The must-visit destination in the much-vaunted Haute-Savoie is Megève. Just 45 minutes by car from the low-cost airlines stopover in Geneva, the Alpine charm of this resort attracts a clientele of over 50% foreigners. Admittedly, the languid elegance of the place is more conducive to gentle walking than a downhill schuss, so seasoned skiers should keep away.
Slightly old-fashioned but very family-friendly and chic, the site offers a breathtaking view of Mont Blanc in a picture postcard village setting, with pines trees liberally scattered over the winter whiteness. This is where the French haute bourgeoisie likes to spend winter evenings visiting luxury boutiques or seated at table enjoying traditional fare.
More discrete refinement than trendy blingbling. In its traditional upmarket neighbourhoods including the village centre, Mont-d'Arbois and Rochebrune, Megève offers a well-judged mix of sport, luxury and authenticity that comes with a hefty price tag.
The jet set enjoy their mainly second-home chalets in the winter wonderland of this unrivalled star of the Alps at a cost of between two and five million euros.
Today available quality properties are shrinking due to constant demand from wealthy foreign clients. And truly luxury real estate is selling at, well, confidential prices.
Full-service apartments or the most recently-built high-end homes (old wood, terraces and carved interiors, oak flooring and even a swimming pool) range between €10,000 and 15,000 a square meter. Prices to rival Paris’ Left Bank.
Two upmarket strongholds in the Trois-Vallées
Not necessarily more affordable, alas. And in any case, Méribel and its Belvédère district at the foot of the slopes remain the preserve of pioneering English clients, and you won’t find a pLuce Aromanroperty with high-quality services going for less than 2 million euros. Old luxury apartments won’t sell for under €10,000 a square meter and recent ones even more.
This, then, is a minimum price for this small and architecturally consistent resort. And the same goes for the much prized downtown area, convenient for pedestrians but still rather noisy, and in the exclusive Altiport locale which offers a protected forest-edge environment where you can play golf.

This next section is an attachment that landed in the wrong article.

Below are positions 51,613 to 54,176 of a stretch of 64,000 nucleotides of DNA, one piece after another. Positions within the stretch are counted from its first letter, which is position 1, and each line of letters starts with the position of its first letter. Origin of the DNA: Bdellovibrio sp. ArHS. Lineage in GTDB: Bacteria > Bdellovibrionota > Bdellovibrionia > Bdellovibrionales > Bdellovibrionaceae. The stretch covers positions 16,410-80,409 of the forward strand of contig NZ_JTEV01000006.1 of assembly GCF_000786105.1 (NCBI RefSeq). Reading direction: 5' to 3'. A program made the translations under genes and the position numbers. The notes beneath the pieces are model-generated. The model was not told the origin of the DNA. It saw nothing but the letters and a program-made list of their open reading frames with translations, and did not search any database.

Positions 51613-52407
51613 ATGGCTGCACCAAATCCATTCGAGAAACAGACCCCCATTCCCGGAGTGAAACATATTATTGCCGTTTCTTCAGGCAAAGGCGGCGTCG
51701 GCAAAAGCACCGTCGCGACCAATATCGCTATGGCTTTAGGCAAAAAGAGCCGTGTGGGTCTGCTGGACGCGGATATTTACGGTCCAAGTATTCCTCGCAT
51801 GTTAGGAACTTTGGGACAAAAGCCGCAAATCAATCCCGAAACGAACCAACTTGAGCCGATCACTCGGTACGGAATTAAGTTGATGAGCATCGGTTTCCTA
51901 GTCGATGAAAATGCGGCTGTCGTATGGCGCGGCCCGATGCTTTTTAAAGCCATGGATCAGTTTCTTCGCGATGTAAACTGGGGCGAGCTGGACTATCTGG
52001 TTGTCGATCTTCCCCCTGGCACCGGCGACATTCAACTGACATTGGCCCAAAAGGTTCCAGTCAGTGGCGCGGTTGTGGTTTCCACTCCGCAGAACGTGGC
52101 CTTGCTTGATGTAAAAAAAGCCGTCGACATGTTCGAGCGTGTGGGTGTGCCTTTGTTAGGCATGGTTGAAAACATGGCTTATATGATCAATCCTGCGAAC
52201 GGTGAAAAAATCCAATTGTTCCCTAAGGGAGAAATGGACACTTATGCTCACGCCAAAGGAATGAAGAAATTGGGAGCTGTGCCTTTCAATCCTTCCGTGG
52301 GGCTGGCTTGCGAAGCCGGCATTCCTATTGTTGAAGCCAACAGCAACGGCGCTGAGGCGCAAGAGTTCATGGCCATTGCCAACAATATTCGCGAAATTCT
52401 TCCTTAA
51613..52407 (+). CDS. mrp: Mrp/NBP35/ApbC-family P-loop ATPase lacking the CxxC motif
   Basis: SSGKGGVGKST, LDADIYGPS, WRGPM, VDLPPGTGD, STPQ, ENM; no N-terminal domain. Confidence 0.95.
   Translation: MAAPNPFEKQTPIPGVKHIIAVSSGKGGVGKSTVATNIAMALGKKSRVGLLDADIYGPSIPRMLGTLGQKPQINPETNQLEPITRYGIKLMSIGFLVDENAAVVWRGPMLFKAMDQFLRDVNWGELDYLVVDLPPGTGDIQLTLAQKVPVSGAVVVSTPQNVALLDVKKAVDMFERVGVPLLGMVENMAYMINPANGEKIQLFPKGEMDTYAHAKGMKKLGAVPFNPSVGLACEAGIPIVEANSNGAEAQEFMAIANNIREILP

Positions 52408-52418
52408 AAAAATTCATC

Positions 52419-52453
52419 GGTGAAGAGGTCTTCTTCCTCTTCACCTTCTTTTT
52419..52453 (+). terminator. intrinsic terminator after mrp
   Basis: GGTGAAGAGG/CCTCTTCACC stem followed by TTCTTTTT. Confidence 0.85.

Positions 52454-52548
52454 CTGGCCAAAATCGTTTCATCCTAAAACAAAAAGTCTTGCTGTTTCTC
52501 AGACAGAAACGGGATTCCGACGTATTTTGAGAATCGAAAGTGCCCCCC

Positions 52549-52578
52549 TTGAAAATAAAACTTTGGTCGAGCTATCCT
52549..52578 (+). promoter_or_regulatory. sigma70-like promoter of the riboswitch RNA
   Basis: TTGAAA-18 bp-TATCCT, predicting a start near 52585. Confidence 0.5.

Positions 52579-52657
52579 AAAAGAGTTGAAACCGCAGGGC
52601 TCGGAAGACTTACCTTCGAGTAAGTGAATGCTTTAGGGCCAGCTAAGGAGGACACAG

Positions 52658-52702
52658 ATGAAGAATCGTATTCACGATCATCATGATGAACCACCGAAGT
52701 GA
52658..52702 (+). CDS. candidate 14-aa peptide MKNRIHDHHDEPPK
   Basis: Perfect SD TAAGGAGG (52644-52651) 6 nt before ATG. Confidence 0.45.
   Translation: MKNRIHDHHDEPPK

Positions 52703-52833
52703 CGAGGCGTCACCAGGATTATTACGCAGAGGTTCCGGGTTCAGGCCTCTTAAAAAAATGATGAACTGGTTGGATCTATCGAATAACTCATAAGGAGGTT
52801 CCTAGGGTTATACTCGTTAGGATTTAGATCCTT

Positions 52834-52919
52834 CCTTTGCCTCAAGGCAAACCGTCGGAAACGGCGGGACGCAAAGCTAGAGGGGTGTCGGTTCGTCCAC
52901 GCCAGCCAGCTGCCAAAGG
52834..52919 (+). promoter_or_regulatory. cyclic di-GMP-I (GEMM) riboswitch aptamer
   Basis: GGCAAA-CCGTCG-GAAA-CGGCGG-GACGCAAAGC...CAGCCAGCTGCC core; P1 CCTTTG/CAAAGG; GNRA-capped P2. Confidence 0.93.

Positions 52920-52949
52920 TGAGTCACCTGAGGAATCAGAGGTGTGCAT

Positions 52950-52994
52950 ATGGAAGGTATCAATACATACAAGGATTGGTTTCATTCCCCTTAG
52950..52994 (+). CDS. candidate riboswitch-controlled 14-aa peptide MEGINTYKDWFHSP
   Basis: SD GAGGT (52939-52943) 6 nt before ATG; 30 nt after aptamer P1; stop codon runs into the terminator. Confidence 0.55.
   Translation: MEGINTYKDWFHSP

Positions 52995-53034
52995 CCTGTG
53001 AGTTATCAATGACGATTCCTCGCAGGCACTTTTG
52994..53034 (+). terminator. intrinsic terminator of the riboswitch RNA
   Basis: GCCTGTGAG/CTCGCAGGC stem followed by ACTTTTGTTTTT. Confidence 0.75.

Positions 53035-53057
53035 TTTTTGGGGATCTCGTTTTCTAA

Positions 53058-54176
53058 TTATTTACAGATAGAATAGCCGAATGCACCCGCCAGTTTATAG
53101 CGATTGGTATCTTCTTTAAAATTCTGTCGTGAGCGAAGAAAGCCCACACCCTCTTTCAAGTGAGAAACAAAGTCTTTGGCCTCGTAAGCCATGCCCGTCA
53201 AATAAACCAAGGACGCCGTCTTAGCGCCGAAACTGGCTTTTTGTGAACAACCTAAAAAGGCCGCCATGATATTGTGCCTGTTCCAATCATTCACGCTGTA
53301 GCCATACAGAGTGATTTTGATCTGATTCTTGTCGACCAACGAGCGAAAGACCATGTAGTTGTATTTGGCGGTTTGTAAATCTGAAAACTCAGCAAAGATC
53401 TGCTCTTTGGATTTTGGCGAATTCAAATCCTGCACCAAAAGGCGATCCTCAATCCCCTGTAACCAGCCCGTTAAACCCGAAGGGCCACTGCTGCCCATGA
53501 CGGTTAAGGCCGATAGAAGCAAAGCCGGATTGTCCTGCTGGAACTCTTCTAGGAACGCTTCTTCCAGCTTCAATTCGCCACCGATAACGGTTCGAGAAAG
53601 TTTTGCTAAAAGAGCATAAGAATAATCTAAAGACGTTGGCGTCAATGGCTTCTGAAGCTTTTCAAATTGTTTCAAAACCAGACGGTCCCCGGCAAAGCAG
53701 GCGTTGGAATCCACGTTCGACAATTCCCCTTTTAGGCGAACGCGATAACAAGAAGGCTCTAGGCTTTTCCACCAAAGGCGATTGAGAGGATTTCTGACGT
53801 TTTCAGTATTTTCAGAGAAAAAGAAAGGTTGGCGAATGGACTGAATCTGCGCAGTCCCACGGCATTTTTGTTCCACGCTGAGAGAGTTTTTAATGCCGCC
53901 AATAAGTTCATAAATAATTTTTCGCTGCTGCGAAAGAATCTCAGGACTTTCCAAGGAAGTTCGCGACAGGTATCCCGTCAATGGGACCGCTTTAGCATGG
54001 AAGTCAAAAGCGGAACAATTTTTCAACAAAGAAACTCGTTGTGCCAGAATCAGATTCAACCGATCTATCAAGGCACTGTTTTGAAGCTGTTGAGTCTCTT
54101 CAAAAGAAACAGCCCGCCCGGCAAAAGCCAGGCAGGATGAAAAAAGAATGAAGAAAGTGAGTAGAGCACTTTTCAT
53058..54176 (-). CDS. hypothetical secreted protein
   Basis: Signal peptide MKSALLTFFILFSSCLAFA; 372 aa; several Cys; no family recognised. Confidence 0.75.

Méribel is still a notch below its neighbour Courchevel with which it shares 600 miles of downhill and some 130 km of cross country skiing in the Trois- Vallées. Property at Courchevel 1850, with its luxury hotels, Michelin-starred restaurants and highly developed après-ski agenda costs the same as Saint-Tropez: between €11,000 and 20,000 per square meter for the few available apartments, and €5 to 10 million for a chalet.
Chamonix: gentler on the prices
With its Aiguille du Midi, Vallée Blanche and 20 kilometres of ski slopes down to the Géant glacier, Chamonix is the gateway to the rarefied world of high peaks and eternal snow. As the capital of alpine mountaineering, with its Belle Epoque architecture and pedestrian-only town centre, where the terraces are immediately packed when the sun comes out, this cosmopolitan resort is surrounded by some of the most beautiful spots in the Alps. And has been pretty much an English colony since the nineteenth century.
With price ranging from €5,000 to 10,000 per square meter, Chamonix is noticeably more accessible than the neighbouring resorts now swamped with international settlers. But property is still pricey in the most sought-after areas with quality products. For a 150 square metre property on the resort’s southern flank facing Mont Blanc, you will need a minimum budget of a million euros. Not quite so heady as the prices practiced in its Savoy neighbours.